The Trial (painting)

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The Trial
Sidney Nolan -Kelly-the trial.jpg
Artist Sidney Nolan
Year 1947
Type Enamel paint on Composition board
Dimensions 90.7 cm × 121.2 cm (30 in × 34 in)
Location National Gallery of Australia

The Trial (1947) is a painting by the Australian painter Sidney Nolan.

This painting depicts Ned Kelly's trial, where Kelly is depicted in handcuffs. A judge and several people look at him in the court. The painting is one of a number by Nolan to use enamel paint, usually Ripolin, a commercial paint not intended for art (and nothing to do with true vitreous enamel).

Nolan painted the picture at Heide at Bulleen, Victoria, the home of John Reed and his wife, Sunday.

Sunday Reed may have helped paint the floor of this painting.[1] She supported Nolan while he painted the Kelly series.

This painting is currently in the National Gallery of Australia. The painting was donated by Sunday Reed. Nolan had left the painting among many others at Heide. Although Nolan once wrote to Sunday Reed to tell her to take what she wanted, he subsequently demanded all his works back. Sunday Reed returned 284 other paintings and drawings to Nolan, but she refused to give up the 27 remaining Kellys, partly because she saw the works as fundamental to the proposed Heide Museum of Modern Art.[2] Eventually, she gave them to the National Gallery of Australia in 1977 and this resolved the dispute.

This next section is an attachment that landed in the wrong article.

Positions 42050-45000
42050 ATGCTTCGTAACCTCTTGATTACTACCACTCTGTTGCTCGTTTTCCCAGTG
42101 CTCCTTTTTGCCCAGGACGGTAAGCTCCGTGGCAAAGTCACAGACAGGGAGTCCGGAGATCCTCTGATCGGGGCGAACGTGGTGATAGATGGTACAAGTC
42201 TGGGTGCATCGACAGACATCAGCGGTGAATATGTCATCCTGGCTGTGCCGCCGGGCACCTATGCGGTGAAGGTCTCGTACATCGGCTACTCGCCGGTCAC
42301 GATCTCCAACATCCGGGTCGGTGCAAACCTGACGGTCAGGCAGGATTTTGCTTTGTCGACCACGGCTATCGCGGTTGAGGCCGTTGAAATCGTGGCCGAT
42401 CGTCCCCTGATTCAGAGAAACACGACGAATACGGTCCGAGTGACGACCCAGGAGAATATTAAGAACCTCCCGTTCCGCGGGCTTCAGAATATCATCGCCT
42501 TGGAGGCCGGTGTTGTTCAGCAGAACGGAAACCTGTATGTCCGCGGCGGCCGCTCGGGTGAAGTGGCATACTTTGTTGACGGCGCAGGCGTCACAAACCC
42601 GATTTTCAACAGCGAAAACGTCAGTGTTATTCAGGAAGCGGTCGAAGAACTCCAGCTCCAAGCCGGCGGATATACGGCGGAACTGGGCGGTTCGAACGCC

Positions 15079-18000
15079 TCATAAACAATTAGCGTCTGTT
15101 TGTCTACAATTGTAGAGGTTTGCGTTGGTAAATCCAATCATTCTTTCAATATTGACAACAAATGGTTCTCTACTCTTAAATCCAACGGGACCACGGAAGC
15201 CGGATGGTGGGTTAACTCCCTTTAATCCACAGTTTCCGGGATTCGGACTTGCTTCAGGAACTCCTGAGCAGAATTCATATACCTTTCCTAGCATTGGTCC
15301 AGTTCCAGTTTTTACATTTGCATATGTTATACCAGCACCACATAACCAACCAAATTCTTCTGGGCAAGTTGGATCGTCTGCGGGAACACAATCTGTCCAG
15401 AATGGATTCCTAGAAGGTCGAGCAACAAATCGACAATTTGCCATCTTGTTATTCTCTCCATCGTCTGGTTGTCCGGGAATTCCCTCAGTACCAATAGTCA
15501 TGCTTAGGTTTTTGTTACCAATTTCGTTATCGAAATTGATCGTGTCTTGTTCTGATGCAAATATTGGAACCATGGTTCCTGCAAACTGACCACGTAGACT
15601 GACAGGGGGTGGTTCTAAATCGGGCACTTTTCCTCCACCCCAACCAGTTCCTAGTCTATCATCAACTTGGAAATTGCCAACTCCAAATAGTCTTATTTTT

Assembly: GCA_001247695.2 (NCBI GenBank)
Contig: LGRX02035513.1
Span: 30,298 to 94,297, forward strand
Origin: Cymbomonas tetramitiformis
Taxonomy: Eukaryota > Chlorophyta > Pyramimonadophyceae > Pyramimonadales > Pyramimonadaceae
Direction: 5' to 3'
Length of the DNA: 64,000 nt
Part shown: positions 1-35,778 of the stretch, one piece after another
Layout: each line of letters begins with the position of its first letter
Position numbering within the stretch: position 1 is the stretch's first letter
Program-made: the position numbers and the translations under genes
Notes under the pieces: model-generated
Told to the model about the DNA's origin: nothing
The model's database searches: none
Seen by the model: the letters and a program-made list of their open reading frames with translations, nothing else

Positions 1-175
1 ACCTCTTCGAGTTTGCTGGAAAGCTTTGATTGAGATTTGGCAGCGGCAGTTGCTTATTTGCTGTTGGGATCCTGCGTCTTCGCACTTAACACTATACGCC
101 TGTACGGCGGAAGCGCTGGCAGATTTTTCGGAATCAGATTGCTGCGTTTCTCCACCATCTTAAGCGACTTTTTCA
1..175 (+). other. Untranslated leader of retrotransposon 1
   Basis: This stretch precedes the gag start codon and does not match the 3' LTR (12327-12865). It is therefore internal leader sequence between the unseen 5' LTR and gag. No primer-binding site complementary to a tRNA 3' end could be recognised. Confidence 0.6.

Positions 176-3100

In 1973, Nolan reproduced The Trial on a woven wool tapestry, which was lent to Admiralty House in Kirribilli, the official Sydney residence of the Governor-General of Australia. The tapestry was Sir John Kerr's favourite backdrop when making televised addresses.[3] It is now located at the Federal Court of Australia in Sydney.[4]

References[edit]

  1. ^ Thomas, Sarah (2004). "Cultivating Controversy (Review of Janine Burke, The Heart Garden: Sunday Reed and Heide)". Retrieved 2008-02-22. Burke provocatively suggests that Sunday collaborated with him on some of his most famous works, the Kelly series among them. "The Kellys are Sunday and Nolan's swansong," Burke writes, "the last brilliant burst of their creative duet." What is most problematic here is that speculation " that Sunday painted the floor tiles and possibly the patchwork quilt in two of Nolan's paintings " is conveyed as fact. Burke's evidence is unconvincing, the main source being a quote from a subsequent letter from John Reed to Nolan, when the friendship between them had soured, that read: "Your paintings were part of your contribution [to Heide], even though you said Sunday painted them as much as you did " you said all your paintings were for Sunday, and I am quite sure you did not think of them otherwise. They were created with her in a sense which is almost literal, and it is certain without her, without your life at Heide, a great many would never have been painted." Surely the description of Sunday's contribution as being "almost literal" runs counter to Burke's argument? 
  2. ^ Burke, Janine (January 2004). The Heart Garden: Sunday Reed and Heide. Milsons Point, New South Wales: Random House. p. page 350. ISBN 1-74051-202-2. 
  3. ^ Whitlam, Gough. Truth of the Matter. Melbourne University Publishing, 2005. ISBN 0-5228-5212-2, p. 228
  4. ^ Federal Court of Australia Tapestries, ICS Sydney. Retrieved 7 December 2012.

External links[edit]

  • The Trial — National Gallery of Australia collection